I heard someone say, "See? That Staydol did the trick! You just had to relax!" That made me feel better, even though the most recent dose was bothering me because I just couldn't keep my head clear and focused. Then the good doctor finished his cheeseburger, wiped off his mouth (I assumed), and strolled leisurely into the room. He waited, at my crotch, with his arms and palms open like Jesus, and just stared non-chalantly. Karen, the awesome-ness, started helping me out saying things like, "Get mad, Karen! Get mad at Dr. (Blah Blah)! Come on! Push! You're doing it! She's right there!" When she told me to get mad at him, it didn't take much. I just laughed (yes, laughed, in the middle of the most painful thing ever) and had a renewed strength.

My blood pressure cuff went off on my right arm at one point during a push and I yelled, "Get this frickin' thing off of me!" I waved my arm and Jeff was totally confused, thinking that I was talking about my hospital gown. Another nurse knew what I was talking about and hit the switch to shut it off. I had been concerned earlier that my blood pressure was getting too high (150/90's - eek!) and that interventions were going to have to happen. But luckily, everything turned out just fine!

The baby nurse, Thelma, was a kindly old woman, who I later found out had been there for over 40 years. She saw me in distress and looked at me and said, "You need to relax in between contractions (pushes). Just think of a beach." My eyes, she said later, had a twinkle in them when she said that and Jeff started to talk to me about our wedding just three and a half years earlier on the beach. It was enough to help me calm down and then, all of a sudden, there was her head.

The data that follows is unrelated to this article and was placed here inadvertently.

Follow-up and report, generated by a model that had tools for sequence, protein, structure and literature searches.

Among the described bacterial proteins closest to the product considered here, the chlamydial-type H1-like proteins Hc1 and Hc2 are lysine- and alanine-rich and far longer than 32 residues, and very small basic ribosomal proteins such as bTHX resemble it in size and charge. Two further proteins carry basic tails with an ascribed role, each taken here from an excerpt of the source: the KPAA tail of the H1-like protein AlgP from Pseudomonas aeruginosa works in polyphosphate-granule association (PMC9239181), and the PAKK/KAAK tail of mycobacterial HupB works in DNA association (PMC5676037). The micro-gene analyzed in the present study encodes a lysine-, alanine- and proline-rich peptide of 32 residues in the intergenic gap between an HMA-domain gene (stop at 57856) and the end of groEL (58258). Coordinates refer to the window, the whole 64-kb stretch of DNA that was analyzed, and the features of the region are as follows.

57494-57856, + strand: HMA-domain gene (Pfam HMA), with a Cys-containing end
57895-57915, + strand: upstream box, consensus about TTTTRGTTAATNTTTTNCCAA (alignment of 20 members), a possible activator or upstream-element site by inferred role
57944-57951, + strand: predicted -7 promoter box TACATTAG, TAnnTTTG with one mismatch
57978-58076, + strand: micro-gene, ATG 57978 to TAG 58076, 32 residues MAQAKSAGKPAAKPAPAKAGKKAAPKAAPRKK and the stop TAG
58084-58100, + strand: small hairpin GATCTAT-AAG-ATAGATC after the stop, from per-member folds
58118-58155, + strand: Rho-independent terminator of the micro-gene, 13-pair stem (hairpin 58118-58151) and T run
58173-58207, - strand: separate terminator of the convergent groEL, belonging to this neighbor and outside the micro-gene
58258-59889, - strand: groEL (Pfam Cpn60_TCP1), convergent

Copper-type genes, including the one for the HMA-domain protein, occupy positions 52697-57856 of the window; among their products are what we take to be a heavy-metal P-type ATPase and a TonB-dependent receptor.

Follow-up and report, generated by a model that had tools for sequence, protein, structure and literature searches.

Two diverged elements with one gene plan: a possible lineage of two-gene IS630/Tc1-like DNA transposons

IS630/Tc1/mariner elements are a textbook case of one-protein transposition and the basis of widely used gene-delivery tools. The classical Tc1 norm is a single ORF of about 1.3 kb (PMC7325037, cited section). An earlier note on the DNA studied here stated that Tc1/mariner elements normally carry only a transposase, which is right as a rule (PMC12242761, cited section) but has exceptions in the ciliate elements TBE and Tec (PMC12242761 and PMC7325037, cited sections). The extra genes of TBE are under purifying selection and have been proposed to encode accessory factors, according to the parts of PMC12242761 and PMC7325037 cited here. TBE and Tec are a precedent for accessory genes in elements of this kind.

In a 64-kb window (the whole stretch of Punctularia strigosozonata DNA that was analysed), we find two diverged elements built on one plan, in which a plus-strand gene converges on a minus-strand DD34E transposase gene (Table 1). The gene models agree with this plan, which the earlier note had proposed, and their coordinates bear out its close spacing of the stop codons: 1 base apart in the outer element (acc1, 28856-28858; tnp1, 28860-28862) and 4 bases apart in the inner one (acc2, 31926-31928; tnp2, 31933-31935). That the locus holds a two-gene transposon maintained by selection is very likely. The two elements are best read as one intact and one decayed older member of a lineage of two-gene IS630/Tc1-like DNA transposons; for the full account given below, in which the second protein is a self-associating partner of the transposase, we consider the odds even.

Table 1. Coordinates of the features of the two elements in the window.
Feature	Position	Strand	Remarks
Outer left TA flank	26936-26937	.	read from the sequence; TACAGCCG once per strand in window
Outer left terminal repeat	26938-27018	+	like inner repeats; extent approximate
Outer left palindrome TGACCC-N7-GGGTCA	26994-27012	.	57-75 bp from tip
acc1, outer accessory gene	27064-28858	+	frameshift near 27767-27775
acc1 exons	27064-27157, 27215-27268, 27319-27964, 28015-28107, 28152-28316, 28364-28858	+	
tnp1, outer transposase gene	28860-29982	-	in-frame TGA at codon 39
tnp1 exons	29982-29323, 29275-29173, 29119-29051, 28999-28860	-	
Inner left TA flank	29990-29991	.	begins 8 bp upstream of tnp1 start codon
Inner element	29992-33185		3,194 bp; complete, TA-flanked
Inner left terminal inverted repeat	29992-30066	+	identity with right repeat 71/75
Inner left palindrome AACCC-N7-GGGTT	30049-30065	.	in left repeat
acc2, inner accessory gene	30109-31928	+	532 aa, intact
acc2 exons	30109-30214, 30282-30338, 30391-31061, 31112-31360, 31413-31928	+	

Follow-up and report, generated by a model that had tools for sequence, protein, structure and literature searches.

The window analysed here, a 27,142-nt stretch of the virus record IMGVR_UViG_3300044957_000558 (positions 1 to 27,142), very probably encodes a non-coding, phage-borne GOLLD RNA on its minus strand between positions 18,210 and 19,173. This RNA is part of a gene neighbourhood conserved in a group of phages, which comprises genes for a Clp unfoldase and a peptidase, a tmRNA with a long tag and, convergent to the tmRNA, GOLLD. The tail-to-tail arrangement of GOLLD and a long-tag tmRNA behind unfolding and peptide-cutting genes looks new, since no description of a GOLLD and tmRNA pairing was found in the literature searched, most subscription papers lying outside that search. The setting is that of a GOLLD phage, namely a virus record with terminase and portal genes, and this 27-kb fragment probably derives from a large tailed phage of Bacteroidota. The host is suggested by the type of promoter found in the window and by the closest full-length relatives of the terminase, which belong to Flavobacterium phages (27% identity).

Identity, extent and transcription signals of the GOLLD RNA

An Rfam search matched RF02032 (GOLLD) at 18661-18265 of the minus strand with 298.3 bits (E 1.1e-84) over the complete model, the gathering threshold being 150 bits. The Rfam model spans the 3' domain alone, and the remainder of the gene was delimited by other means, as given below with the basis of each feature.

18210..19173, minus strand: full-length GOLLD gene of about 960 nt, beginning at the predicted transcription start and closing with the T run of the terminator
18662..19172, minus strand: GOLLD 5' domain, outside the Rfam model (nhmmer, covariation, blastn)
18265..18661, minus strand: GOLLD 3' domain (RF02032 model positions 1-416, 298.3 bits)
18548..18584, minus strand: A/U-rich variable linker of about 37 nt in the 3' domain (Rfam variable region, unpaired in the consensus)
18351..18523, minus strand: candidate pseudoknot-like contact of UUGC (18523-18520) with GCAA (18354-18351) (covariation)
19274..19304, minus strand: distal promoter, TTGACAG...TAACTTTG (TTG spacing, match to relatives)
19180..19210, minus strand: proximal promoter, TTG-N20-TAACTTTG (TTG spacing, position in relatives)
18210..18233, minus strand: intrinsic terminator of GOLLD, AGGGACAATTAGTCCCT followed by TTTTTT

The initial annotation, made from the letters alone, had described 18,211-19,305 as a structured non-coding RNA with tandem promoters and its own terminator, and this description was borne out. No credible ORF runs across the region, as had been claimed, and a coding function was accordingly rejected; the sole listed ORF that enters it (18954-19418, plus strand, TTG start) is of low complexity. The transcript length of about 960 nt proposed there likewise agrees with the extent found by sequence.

It was the oddest looking thing. At first, I thought her head was really small, like a doll's. Turns out, it was just the tip of her "cone-head." A few more pushes, and then there she was. They told Jeff to get his camera ready and he took a few pictures of her getting wiped off and the cord clamped. Turns out, too, that I forgot to mention that I wanted the cord to be cut after it stopped pulsing. Guess that's not as important as I thought either.

As soon as she's out, they rip the oxygen mask off of me and I pull my hair out of the disgusting ponytail that it's in. Ever the narcissist, I fluff out my hair and await my first picture with my daughter. Then they tell Jeff to cut the cord and I rip the camera out of his hands (seconds after birth, mind you) and take a picture of him cutting the cord!

Then she's placed on my stomach, "cream cheese" and all and I kiss that little, screaming face. God, she's beautiful! Baby Nurse Thelma takes her to the warmer and she and Jeff fill out paperwork while I'm being worked on and cleaned up (which, by the way, still hurts.... a lot). He asks me, "Kathryn, right? With a 'y'?"

I answer, "Yeah, whatever! ARruughhhh!!!!"

"Honey, do you want her to have a Hepatitis B shot?"

"Oh my God, I don't care! RRaawwwrrrrr!!!"

She's wrapped up, cleaned up, and so is her mommy. They leave us alone for a little bit and I say hello to my little Mckenna Kathryn. 6 pounds, 4 ounces. 18 inches long. January 21st, 2009**. Just one day after my own birthday. What a wonderful birthday present!

*As a friend of my dad's mentioned, she'll never have to live one day under the Bush administration. :-D

Kentucky, USA

Thank you for sharing your story, MamaSpud. <3 I'm sorry you didn't feel supported in your wishes/birth plan in some ways, but I am so glad that you had such kind nurses who helped you make it through.

I love reading birth stories, and from the sounds of it, you readers do, too. Would you like for your birth story to be featured on the Well Rounded Birth Prep blog? If so, please email your submission to wellroundedbirthprep (at) gmail (dot) com, with or without photos, and how you would like credited (first and last name? first name only? initials? anonymous? location? link back to your blog?). Hospital, birth center, or homebirth stories are all welcome.